In an emotionally abusive relationship, the victim craves love, connection, honest communication, and the feeling of being in the relationship together, not as separate individuals who are apathetic to each other’s feelings. In any relationship—be it with a friend, family member, or romantic partner—you hope for a balance of give and take that doesn’t need to be negotiated; it just naturally occurs because you care about each other.

For example, I might wash the dishes because my partner appreciates a clean kitchen. It’s a simple act of caring, not done with any expectation of repayment. In turn, my partner might handle a phone call I’ve been dreading or manage tedious tasks like taxes.

This balance is what a relationship thrives on. But when it feels like one person is constantly bailing water out of a sinking ship while the other lies on the deck getting a suntan, that’s when you know something’s off.

A balanced relationship will grow stronger and feel solid. When both partners are invested in each other’s happiness, you’ve got something truly special. But if you’ve made changes and the other person remains unmoved, it’s usually because they feel no incentive to change. They stay complacent, shifting blame, making excuses, and doing what they want because they’re focused on themselves.

You might remember a time when they were kind, generous, and supportive, but people who are emotionally abusive or narcissistic often show their best side in the beginning to win you over. Once they feel you are committed to the relationship, their true colors come out.

I know it’s disheartening to realize that no matter how much you try, if there’s no acknowledgment or appreciation for the small things, the big gestures won’t make a difference either.

You shouldn’t have to change who you are or bend over backward to please someone.

If it feels like you’re in a one-sided effort to satisfy an insatiable partner, then it’s clear they’re in it for themselves. And if you keep satisfying their needs without your own being met, the unfortunate trust is that is their idea of a balanced relationship.

In the scenario I described above, the person continued by saying expressing their own emotions was off-limits because it would upset their partner.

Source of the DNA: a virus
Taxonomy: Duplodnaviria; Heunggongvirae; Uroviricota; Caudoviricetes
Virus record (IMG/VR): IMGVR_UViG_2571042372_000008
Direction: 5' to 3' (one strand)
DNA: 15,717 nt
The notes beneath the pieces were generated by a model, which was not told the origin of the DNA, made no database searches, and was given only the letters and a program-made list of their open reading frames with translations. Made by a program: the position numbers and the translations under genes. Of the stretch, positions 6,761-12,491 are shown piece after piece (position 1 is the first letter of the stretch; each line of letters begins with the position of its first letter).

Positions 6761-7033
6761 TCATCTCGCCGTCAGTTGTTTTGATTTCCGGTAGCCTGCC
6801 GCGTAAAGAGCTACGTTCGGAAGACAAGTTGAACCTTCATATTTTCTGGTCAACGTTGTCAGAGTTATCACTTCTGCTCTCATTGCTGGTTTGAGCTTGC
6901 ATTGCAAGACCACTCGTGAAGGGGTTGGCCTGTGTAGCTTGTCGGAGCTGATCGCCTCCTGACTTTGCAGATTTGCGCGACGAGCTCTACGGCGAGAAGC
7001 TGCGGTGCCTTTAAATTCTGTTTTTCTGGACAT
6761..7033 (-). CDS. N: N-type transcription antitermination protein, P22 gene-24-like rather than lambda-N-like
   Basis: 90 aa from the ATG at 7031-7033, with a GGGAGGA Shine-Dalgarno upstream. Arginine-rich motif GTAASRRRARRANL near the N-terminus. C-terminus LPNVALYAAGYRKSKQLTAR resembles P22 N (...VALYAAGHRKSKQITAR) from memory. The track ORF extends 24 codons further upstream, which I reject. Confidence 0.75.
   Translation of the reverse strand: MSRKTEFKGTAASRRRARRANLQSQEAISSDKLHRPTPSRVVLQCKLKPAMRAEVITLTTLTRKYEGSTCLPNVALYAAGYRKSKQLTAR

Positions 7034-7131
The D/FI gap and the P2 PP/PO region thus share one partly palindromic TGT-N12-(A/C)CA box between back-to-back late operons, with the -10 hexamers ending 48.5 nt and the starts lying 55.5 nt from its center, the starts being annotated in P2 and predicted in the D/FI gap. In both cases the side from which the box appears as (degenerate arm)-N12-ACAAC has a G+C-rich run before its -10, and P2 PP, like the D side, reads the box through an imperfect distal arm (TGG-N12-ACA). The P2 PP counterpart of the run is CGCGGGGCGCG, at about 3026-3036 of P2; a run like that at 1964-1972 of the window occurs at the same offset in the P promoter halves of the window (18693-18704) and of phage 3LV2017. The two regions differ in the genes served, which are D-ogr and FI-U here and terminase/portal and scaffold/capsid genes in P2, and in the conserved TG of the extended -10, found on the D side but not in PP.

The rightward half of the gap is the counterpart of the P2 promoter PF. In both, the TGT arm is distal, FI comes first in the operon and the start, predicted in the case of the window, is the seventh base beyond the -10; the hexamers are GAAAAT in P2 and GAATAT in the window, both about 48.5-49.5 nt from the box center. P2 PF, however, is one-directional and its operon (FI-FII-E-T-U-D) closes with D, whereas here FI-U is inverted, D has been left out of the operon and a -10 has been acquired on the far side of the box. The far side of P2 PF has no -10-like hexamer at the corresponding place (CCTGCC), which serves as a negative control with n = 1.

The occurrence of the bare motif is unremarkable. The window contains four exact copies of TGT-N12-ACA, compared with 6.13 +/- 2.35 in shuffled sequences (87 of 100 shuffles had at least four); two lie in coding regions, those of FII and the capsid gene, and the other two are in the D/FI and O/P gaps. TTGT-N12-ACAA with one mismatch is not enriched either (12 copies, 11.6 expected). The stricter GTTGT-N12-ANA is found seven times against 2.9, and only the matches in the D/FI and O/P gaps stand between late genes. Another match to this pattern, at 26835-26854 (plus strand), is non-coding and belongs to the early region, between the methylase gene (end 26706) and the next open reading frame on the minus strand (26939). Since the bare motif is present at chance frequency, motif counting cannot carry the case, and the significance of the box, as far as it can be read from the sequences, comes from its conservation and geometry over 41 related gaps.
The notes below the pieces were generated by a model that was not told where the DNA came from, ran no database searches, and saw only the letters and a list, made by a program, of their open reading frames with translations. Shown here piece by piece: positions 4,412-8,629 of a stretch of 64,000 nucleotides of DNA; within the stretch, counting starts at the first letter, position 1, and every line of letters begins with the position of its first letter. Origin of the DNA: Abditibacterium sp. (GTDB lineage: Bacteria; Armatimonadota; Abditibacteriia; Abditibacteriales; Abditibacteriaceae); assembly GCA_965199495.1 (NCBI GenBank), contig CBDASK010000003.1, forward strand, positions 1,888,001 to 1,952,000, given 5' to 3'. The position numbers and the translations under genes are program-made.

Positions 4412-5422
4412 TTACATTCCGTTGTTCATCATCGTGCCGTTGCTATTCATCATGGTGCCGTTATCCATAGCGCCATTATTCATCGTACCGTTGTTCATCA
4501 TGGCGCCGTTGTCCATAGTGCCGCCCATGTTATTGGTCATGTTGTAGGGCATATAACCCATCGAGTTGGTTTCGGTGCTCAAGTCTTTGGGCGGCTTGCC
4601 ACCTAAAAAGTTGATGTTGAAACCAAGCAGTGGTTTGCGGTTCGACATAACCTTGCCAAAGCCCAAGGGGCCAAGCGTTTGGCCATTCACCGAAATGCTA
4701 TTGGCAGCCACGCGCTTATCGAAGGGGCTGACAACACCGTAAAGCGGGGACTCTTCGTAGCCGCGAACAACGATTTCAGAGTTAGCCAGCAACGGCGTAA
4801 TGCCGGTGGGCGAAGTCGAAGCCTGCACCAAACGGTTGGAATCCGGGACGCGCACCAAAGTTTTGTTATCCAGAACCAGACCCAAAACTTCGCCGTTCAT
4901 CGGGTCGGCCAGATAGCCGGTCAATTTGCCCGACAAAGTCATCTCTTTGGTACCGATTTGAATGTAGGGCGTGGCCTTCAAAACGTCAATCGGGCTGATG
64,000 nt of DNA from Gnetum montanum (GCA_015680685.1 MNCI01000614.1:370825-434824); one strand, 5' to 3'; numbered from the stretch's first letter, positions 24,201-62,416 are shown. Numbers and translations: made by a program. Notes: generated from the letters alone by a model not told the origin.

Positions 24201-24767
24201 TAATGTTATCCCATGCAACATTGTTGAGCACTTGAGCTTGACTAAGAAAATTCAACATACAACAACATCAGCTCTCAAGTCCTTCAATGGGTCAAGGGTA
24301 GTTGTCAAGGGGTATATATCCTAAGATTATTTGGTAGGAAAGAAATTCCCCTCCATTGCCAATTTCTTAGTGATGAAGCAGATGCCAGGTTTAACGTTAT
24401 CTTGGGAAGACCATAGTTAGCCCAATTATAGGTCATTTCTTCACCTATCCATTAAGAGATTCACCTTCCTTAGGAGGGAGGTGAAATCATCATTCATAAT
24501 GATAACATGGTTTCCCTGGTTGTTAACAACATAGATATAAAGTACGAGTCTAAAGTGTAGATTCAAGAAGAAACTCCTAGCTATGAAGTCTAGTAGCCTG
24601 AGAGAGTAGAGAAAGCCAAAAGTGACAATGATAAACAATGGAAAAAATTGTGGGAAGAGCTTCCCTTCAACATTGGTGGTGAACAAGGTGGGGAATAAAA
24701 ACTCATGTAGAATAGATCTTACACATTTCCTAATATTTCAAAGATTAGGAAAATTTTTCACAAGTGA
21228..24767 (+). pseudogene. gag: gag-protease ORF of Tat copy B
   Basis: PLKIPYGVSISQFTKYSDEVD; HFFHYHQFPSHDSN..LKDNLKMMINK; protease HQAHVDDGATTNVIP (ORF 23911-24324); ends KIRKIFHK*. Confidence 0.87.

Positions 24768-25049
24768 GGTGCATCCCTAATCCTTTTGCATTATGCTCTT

This is a classic manipulation tactic. Someone who claims to be ‘triggered’ can be a way to avoid confrontation and take responsibility. It’s a convenient escape route for them.

They might say things like, “This is too painful,” or “You’re always angry. I can’t talk to you about this.” It’s a deflection: a way to shift focus from themselves to something else, anything to avoid addressing the issue at hand.

This tactic of claiming to be ‘triggered’ becomes their get-out-of-jail-free card. It’s their way of dodging accountability and responsibility. It’s a tough spot to be in, and honestly, there’s no silver lining for someone trapped in this cycle.

The only time a person like this might consider change is if they’re at risk of losing something they can’t bear to lose. But even then, change isn’t guaranteed. It might just push them to the point where they think, “Okay, I don’t want to lose you, so maybe I should look at myself and our issues.”

When a person finally decides to address the unresolved issues in a relationship, it can lead to a new beginning. However, it often takes reaching a breaking point, a “threshold” beyond which you can no longer tolerate the behavior.

I discuss this in the Healed Being Program, too. Most people join that program because they’ve been hurting someone they care about, but the person they’ve hurt has reached their limit.

That’s a pivotal moment that can lead to genuine change. It’s tragic, though, that it often has to get that far before change happens. And sometimes, it’s too late. Hearts can close permanently. And there might be no chance for reconciliation.

It’s a sad state when a relationship deteriorates to such an extent, especially since many good people can fall back on old, harmful coping mechanisms and bad behaviors prevent them from being supportive partners where they can lead a healthy life and face challenges with better responses.

If only those who are self-centered knew that they could have their needs met through kindness, support, and generosity without resorting to control and manipulation! Relationships are so much more balanced and fulfilling when that happens.

But some people haven’t reached that point of self-awareness yet. They need to reflect, show empathy, and understand that kindness encourages more kindness.

Thank you for reading today. Feel free to share this with others who might find it helpful.

Share this with someone who might benefit.

Paul Colaianni

Host of Love and Abuse and The Overwhelmed Brain